She’s My Best Friend: Super-Femme Lesbian Presences in Dirty South Rap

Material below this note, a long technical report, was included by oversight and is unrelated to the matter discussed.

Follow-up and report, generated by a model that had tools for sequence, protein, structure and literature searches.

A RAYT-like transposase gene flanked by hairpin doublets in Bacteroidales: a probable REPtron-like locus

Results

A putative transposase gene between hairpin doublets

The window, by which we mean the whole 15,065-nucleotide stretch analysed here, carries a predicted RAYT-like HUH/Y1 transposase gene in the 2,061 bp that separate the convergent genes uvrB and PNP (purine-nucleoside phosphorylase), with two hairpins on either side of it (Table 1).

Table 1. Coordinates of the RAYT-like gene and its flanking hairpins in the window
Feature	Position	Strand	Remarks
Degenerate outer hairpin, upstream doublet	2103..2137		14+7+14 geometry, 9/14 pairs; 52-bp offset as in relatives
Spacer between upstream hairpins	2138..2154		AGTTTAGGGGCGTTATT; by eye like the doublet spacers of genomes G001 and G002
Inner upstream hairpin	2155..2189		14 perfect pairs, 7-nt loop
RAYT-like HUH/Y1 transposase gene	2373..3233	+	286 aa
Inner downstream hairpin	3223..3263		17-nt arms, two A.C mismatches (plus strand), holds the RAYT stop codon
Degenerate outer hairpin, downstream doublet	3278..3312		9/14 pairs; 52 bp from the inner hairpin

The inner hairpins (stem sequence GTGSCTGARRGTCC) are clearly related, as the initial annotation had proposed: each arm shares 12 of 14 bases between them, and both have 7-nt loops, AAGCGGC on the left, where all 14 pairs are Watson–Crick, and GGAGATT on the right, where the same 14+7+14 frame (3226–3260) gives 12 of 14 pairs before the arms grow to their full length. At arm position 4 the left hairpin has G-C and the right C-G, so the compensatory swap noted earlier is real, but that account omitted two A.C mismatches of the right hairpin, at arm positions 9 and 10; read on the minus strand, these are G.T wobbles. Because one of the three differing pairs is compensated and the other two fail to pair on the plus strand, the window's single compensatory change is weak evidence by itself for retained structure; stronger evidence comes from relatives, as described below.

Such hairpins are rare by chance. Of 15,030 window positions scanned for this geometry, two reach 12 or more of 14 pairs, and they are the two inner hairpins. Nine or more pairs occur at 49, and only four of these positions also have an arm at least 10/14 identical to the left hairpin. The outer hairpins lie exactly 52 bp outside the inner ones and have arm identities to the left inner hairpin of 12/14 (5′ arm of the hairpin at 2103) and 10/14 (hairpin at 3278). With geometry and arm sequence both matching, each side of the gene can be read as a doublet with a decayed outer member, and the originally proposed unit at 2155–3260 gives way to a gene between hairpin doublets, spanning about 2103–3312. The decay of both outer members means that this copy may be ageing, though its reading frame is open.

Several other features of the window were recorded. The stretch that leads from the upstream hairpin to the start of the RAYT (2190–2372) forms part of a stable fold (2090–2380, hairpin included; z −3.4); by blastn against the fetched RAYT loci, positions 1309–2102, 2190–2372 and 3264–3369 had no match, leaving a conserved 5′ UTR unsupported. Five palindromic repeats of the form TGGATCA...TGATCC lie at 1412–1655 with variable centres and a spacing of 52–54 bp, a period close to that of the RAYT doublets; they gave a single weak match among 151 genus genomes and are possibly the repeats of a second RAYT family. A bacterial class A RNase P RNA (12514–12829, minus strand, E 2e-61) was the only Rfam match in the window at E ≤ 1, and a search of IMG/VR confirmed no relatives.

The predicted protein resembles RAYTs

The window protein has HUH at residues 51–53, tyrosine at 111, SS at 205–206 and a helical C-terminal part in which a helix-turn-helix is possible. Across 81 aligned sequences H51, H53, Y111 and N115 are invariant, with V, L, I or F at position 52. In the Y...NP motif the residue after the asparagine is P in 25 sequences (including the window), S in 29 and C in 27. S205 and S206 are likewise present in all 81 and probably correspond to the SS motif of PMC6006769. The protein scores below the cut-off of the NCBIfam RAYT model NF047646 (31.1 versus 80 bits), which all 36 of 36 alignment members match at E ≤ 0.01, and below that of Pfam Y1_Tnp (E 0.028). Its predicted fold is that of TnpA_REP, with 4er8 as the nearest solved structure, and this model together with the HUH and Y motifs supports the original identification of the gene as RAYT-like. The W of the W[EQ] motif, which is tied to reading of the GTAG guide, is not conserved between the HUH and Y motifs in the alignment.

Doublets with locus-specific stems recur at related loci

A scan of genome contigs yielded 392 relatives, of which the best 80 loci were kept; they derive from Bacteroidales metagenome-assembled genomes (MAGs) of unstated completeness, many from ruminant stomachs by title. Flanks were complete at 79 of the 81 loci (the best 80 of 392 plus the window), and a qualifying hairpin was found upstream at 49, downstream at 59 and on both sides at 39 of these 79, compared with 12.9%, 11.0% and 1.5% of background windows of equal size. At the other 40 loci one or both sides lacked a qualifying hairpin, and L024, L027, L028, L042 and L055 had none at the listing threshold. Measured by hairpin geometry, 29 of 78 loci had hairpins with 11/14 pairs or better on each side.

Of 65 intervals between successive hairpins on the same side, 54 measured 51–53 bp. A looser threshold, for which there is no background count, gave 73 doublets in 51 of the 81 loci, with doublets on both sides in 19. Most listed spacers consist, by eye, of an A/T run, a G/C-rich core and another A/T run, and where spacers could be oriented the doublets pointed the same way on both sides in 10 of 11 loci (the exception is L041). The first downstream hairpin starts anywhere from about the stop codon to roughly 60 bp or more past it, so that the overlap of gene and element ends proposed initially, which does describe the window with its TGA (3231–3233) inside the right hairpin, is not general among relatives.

In this article I argue that the lesbian possibilities within Hip-Hop are fashioned by a figure that has always been present in African American culture. Here, as a nod to her gendered and queer performance, I call her the Super-Femme. Southern women rappers like Khia and Jacki-O access elements of this morphing cultural figure. The following is an examination of the Super-Femme and the ways in which she: 1) embodies the queer and feminine possibilities within African American culture that are evident even where there is clear homophobic and misogynistic behavior that permeate the cultural landscape; 2) dominates where lesbian discourse may center female masculines; 3) switches out ideas of feminine weakness and servitude for empowerment and female centered desire; and 4) challenges dominant discourse by using its language to her advantage, slipping under the radar of transgression and bringing a few female apprentices with her along the way. In describing these four core Super-Femme powers, this paper will shed light on how she navigates the masculinist (yet suspiciously male homosocial) Hip-Hop environment through spectacular performances of femininity and sexual desire. These spectacles center female pleasure and create homosocial spaces for women.